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First Peace Corps Health Care Educators Leaving for Africa

19 July 2013
Group of people seated and smiling for camera (Peace Corps)

The first group of Global Health Service Partnership volunteers waits to be sworn in.

Washington — Thirty U.S. doctors and nurses from across the country were sworn in at the White House July 18 as the first class of Peace Corps Global Health Service Partnership volunteers.

The new volunteers will leave July 20–21 for one-year assignments as medical or nursing educators in Tanzania, Malawi and Uganda, where they will work alongside local faculty to train the next generation of health care professionals, the Peace Corps said in a July 18 press release.

“These volunteers will soon depart for a groundbreaking adventure — an opportunity to make a real difference in communities abroad while enhancing their own skills,” Peace Corps Deputy Director Carrie Hessler-Radelet said. “The Global Health Service Partnership is an exciting continuation of the Peace Corps’ commitment to global health.”

The Partnership — a collaboration of the Peace Corps, the President’s Emergency Plan for AIDS Relief (PEPFAR), and the nonprofit organization Seed Global Health — presents an opportunity for American physicians and nurses to address the shortage of skilled physicians, nurses and clinical faculty in resource-limited countries. It is the first organized effort by the Peace Corps to send U.S. health care professionals abroad with a focus on teaching and expanding clinical capacity.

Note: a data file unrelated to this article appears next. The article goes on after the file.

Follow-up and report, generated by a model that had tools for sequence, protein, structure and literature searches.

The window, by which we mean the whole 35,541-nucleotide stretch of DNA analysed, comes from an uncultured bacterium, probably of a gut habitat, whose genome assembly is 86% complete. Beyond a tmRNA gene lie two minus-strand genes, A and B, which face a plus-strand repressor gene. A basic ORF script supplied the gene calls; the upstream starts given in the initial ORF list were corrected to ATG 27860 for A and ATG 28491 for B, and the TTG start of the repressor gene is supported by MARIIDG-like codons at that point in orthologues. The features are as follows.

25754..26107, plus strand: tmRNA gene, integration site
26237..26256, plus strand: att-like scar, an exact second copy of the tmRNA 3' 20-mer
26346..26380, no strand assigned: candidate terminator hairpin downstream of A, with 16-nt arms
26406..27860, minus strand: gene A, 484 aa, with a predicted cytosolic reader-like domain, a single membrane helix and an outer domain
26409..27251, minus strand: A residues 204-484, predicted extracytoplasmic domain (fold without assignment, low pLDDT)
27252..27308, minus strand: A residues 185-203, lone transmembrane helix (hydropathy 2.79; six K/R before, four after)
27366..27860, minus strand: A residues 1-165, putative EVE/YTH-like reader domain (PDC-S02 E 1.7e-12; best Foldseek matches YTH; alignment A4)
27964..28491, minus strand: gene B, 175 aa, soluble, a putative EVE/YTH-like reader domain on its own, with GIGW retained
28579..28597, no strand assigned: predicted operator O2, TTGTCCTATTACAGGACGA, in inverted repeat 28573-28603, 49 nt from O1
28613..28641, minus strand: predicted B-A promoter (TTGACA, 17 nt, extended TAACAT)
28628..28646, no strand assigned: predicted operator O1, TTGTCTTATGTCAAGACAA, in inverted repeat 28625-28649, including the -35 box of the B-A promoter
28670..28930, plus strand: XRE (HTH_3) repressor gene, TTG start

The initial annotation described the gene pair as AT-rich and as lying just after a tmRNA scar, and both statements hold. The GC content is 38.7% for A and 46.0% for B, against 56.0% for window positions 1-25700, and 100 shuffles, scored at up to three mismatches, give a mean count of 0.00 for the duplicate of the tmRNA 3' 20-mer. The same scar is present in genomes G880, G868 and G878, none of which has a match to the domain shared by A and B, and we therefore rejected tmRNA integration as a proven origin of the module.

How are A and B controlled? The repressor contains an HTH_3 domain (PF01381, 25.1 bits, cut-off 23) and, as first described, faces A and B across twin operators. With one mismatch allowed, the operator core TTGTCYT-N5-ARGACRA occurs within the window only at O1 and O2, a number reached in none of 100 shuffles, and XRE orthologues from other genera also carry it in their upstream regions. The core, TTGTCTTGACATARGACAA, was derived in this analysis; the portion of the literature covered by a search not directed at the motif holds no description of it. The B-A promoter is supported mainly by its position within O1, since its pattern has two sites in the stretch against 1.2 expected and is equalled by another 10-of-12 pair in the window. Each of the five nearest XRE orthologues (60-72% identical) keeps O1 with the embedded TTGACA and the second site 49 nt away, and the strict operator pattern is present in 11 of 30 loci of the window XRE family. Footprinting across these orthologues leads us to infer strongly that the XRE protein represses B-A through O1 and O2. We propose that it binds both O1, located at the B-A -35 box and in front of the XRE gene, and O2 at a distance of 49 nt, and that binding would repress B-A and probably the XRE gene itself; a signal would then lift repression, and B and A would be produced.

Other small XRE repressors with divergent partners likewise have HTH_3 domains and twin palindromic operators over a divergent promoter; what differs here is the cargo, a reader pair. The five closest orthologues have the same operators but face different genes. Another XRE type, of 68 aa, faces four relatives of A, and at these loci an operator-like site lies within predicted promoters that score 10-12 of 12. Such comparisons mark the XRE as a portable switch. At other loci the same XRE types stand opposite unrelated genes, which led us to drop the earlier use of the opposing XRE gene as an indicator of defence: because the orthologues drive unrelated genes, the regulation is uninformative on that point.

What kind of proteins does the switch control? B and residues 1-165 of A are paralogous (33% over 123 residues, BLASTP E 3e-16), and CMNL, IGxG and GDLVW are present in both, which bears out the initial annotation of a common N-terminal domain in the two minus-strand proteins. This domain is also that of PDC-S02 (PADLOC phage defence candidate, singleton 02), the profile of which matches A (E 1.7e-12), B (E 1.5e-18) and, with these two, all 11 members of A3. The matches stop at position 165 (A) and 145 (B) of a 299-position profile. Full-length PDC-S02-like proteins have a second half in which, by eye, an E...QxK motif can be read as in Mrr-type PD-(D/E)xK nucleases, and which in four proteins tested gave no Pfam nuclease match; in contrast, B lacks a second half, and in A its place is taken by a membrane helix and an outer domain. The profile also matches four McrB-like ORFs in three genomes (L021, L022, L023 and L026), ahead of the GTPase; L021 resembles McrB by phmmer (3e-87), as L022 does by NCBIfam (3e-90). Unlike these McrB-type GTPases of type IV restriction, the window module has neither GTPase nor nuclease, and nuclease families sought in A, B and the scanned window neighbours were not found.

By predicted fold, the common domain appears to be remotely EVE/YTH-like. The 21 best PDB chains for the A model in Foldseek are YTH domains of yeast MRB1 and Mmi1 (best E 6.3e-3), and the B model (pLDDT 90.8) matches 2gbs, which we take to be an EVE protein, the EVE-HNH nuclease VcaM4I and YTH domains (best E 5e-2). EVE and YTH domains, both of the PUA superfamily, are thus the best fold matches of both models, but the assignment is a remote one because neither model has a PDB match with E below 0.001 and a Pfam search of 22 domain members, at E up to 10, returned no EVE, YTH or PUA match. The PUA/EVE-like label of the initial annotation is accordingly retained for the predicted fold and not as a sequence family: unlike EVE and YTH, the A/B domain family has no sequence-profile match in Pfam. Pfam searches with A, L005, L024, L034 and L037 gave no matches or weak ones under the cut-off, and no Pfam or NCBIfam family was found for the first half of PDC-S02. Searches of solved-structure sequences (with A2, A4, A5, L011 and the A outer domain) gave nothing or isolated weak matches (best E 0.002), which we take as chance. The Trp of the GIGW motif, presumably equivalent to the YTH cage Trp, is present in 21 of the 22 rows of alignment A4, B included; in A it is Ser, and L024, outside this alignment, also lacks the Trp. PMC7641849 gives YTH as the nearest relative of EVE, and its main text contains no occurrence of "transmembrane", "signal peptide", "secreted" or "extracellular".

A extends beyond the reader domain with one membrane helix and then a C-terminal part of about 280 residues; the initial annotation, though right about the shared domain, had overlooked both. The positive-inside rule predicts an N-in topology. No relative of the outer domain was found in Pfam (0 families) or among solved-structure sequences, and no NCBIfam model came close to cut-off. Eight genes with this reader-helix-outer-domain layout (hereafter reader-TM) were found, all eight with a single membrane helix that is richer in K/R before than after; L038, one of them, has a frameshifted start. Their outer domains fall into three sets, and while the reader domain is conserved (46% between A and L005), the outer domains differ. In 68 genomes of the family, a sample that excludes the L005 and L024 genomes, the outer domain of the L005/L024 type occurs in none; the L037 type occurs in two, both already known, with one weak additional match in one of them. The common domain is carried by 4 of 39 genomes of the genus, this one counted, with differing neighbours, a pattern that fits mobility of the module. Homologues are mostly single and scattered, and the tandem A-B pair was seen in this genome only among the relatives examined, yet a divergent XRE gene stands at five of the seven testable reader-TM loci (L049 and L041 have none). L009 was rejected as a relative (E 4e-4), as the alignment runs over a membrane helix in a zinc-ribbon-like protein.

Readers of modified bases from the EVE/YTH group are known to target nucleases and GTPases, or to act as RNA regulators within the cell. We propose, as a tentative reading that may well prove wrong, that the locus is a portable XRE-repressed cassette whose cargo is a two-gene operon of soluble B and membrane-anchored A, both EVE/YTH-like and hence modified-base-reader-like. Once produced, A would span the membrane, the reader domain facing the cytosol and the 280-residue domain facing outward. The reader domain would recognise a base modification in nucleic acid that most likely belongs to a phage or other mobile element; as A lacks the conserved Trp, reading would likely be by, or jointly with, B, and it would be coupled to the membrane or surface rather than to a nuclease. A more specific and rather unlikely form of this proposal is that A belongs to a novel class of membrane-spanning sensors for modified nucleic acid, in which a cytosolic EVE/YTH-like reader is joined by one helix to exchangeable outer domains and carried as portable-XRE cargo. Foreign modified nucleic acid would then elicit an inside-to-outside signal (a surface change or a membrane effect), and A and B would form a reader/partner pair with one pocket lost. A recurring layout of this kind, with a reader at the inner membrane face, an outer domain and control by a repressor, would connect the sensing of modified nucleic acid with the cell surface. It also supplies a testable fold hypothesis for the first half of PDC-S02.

“Whether these volunteers serve in Tanzania, Malawi or Uganda, their work will help strengthen the capacity of health professionals and the capacity of health systems,” said Dr. Eric P. Goosby, the U.S. global AIDS coordinator. “Their contributions will help position partner countries to more effectively, efficiently and sustainably address some of their greatest health challenges, including HIV/AIDS.”

Sub-Saharan Africa has 24 percent of the global burden of disease but only 3 percent of the world’s health workforce. The United States has 280 physicians and 980 nurses for every 100,000 people; countries in sub-Saharan Africa, like Tanzania, have one physician and 24 nurses for every 100,000 people.

“We’re proud to be in this partnership that is sending an outstanding group of doctors and nurses abroad to help build a pipeline of medical professionals in the countries that need them most,” said Dr. Vanessa Kerry, chief executive officer of SEED Global Health. “This effort will help ensure that more well-trained doctors and nurses will be walking the wards and caring for patients in hospitals and clinics in Malawi, Tanzania and Uganda for years to come.”

The inaugural group of Global Health Service Partnership volunteers comes from diverse backgrounds, with clinical experience extending from a few years to decades. The doctors and nurses range in age from 26 to 70, include seven previous Peace Corps volunteers, and have collectively worked in more than 32 developing countries throughout the world.